Laura: Do you have a favorite drink or snack for when you’re writing?

Victoria: TEA. Tea and some form of baked good, preferably a cookie, to go with it :)

Laura: Who are some of your favorite authors? And can you tell us which books you think nobody should miss?

Victoria: It is a long, and ever-growing list, but always at the top are Neil Gaiman, Laini Taylor, Suzanne Collins, Patrick Rothfuss...

Laura: You have a whole army of narwhals...what is their mission? Should we be afraid?

Victoria: YES. BE VERY AFRAID. My narwhals wander out into the world and whisper witchy things ;)

Laura: The Zombie Apocalypse has begun: What is your strategy for survival?

Victoria: Eat as much sugar as humanly possible. I've heard zombies prefer salty over sweet.

Laura: That is very good advice... *opens bag of cookies*

You can pick up this brilliant book at Barnes and Noble or Amazon. OR, PREFERABLY, from your favorite indie bookstore! Really, you should order this book last week because it is just that great. I can't stop giving it out at the library.

Thank you again for stopping by, Victoria!

19 August 2011

Let's Add This to the Curriculum

Tankborn by Karen Sandler (October 1, 2011, Lee & Low Books)
Review by Kenzie Helene

It is rare that I come across a book that I would love to teach. I'm not headed out to be a teacher, or to make lesson plans of any sort, but there have been a few times that I've come across a book so perfectly written that it is made to be in a classroom. A book that has lessons that need to be taught with a plot that can capture the heart of a high school student set against reading. Tankborn is one of these novels.


Kayla is a GEN, a Genetically Engineered Non-human. Loka, Kayla’s planet, is run on an archaic caste system, one where GENs are the lowest tier. In her fifteenth year, Kayla  is given an assignment that she is told will make her happiest in life because of the skill set she was engineered with. Kayla is sent to take care of Zul Manel, an old trueborn, but before she can go, a series of codes is downloaded into her annexed brain and upsets the course of her future.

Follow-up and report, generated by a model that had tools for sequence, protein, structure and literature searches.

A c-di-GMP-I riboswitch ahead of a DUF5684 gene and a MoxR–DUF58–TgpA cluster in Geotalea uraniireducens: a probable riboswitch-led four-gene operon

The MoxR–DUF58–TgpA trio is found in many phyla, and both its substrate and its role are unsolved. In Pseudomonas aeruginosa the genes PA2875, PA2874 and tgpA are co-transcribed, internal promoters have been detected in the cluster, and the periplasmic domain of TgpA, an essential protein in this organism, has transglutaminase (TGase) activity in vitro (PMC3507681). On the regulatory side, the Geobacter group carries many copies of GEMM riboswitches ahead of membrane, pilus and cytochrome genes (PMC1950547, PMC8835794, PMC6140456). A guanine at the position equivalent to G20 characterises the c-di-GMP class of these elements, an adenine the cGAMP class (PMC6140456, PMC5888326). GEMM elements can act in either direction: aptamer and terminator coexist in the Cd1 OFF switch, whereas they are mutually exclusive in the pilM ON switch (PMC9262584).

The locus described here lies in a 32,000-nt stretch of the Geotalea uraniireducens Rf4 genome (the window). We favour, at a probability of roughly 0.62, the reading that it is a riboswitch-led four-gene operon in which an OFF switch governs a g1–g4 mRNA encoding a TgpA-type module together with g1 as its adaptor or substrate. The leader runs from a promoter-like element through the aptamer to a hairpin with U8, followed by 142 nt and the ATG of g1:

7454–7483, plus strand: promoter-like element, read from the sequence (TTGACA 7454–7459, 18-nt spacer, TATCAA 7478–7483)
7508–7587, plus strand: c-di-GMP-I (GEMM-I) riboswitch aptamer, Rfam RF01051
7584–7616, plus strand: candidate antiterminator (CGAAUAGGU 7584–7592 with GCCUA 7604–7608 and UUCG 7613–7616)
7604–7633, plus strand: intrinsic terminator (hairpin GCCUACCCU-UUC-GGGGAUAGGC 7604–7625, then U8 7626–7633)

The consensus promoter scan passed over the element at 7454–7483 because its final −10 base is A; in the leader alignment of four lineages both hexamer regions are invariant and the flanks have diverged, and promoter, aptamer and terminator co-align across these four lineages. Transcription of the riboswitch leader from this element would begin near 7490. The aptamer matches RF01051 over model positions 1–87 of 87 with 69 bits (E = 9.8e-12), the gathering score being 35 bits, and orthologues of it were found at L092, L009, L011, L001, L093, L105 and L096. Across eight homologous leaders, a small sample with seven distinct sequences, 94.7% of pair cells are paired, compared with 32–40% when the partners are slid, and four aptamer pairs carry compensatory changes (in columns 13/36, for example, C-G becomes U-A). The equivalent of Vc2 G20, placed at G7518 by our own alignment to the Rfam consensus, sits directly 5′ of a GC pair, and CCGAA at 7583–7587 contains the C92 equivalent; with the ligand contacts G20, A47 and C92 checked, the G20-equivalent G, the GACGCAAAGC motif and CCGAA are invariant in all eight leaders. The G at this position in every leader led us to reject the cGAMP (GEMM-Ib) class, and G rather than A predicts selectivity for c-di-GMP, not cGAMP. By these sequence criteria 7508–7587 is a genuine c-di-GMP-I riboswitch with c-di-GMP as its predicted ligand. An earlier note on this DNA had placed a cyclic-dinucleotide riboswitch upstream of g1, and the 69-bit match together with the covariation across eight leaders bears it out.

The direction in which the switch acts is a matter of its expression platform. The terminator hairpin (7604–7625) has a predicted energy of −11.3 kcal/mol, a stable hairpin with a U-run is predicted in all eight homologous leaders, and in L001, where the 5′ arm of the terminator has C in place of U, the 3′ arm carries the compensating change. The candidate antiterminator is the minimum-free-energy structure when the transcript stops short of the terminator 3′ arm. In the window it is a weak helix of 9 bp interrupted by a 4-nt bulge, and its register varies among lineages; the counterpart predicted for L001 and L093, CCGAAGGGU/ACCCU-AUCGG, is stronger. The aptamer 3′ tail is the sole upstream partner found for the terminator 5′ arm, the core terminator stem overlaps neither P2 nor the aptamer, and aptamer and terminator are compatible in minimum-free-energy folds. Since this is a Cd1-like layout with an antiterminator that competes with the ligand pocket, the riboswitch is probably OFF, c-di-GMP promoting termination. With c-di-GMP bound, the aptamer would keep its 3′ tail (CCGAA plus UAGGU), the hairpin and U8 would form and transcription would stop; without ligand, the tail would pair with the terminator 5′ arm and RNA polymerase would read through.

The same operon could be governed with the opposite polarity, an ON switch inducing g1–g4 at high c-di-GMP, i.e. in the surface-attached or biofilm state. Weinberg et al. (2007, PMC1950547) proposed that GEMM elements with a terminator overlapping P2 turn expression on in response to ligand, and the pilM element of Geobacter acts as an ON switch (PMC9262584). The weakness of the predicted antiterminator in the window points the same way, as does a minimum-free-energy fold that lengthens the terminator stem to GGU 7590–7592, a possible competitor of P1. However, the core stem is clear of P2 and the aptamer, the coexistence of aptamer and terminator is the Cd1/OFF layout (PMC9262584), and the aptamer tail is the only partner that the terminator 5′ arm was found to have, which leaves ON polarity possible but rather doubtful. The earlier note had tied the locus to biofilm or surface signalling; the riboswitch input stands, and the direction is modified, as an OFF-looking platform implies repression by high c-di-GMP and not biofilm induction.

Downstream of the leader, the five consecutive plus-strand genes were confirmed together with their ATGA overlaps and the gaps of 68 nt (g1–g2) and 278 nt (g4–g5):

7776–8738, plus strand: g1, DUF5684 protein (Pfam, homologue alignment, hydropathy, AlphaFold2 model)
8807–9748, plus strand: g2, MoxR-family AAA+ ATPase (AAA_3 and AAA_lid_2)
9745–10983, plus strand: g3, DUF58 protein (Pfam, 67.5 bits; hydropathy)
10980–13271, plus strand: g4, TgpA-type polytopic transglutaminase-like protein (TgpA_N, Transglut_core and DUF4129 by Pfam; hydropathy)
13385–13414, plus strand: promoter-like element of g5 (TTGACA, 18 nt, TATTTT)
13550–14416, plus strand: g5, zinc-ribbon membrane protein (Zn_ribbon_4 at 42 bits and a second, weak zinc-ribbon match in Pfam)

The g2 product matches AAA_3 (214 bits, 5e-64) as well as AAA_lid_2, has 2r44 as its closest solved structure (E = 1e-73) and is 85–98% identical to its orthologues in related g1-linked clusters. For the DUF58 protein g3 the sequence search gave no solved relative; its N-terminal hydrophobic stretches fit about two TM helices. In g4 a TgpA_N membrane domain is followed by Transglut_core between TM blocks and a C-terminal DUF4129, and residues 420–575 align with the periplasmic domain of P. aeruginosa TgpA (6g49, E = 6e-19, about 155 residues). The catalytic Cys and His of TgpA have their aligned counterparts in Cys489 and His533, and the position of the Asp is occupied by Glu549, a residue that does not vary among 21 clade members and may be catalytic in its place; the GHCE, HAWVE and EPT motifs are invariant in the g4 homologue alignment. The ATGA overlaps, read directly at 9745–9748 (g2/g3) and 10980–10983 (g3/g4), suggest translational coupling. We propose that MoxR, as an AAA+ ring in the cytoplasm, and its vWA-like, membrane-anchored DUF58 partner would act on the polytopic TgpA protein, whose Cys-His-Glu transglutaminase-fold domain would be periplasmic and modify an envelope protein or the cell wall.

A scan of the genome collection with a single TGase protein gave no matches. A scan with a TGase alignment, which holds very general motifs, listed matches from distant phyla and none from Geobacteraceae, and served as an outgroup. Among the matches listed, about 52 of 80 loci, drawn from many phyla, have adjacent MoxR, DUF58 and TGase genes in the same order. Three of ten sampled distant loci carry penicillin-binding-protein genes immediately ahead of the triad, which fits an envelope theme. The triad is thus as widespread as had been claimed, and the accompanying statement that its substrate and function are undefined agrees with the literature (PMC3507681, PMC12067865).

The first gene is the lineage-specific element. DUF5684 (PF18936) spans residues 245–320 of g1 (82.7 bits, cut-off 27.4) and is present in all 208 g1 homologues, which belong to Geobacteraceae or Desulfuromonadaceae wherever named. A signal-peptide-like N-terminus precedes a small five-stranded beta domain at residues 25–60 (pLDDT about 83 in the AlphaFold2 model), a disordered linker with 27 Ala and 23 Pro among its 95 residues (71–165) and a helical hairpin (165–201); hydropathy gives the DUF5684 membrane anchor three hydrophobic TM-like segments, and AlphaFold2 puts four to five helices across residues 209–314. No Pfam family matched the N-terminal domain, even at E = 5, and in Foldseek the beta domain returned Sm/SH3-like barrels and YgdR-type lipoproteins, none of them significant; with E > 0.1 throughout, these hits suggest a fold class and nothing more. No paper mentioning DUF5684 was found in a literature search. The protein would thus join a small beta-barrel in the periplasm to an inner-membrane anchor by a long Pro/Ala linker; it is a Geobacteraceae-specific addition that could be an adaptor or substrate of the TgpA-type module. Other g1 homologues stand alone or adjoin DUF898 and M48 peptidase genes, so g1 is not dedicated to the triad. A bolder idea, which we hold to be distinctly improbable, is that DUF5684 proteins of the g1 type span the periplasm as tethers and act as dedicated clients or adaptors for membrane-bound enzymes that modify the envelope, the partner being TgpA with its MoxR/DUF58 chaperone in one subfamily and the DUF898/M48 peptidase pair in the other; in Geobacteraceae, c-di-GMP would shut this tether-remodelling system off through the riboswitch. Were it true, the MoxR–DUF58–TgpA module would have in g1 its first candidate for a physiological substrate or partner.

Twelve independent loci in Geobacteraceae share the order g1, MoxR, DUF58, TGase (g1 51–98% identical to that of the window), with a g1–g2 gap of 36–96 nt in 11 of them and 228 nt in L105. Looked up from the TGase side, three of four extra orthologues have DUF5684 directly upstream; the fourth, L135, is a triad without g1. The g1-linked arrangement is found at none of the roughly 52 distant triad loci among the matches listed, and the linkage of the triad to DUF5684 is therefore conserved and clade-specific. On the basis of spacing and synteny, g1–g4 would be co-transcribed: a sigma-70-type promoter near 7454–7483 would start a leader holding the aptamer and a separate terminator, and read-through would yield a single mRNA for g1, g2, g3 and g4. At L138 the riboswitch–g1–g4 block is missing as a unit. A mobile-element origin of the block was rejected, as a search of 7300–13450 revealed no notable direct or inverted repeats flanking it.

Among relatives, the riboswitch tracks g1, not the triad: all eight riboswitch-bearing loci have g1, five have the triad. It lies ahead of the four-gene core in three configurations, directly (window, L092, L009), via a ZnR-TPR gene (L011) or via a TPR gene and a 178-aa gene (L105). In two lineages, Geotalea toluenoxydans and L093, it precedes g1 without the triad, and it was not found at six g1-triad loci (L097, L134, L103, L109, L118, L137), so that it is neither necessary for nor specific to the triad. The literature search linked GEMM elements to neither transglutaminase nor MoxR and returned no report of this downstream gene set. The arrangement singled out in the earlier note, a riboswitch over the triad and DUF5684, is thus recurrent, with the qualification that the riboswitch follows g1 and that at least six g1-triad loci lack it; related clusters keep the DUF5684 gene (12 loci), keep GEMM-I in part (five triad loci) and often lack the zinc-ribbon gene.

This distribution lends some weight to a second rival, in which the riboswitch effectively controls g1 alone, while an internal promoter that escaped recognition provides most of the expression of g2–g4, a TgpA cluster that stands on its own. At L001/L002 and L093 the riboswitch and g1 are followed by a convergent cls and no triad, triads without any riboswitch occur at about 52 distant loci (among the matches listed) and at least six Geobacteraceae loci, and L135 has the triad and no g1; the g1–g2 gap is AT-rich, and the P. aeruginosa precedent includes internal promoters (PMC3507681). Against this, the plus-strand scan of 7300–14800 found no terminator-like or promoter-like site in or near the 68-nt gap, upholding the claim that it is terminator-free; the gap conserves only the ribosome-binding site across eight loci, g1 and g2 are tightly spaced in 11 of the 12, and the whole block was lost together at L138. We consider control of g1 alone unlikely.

Tankborn brings up the biggest question in history (and literature): what does it mean to be human? Is being human having the traits that we consider to own as ours? Is it being able to think past biology, to make decisions based on reasoning deeper than the need to breed and pass on genes? Or is it DNA and DNA only? By providing the best medical care that we can, are we somehow taking away what makes a person human? Tankborn questions all these  theories and how far we should go in genetic engineering if we wish to remain on top.

Beyond the idea of humanity itself, Tankborn delves into the controversial subject of religion.
Trueborns and lowborns have kept the one thing that unites Islam, Christianity, and Judaism by believing in a Lord Creator. Kayla and other GENs, however, believe in a different religion, one ruled by the Infinite. Tankborn makes readers question the origin of religion and rediscover why they believe in their faith, or why they do not.

Author Karen Sandler has come a long way with this plot, starting Tankborn off as a play and eventually adapting it to the brilliant novel it has become. Tankborn’s plot is enrapturing. The first fifty pages go a bit slow, but all of it is needed to show the reader the language style and lifestyle that is on Loka. By the end of the book, you’ll be thinking in terms of GENs and trueborns more than proletariat and bourgeoisie.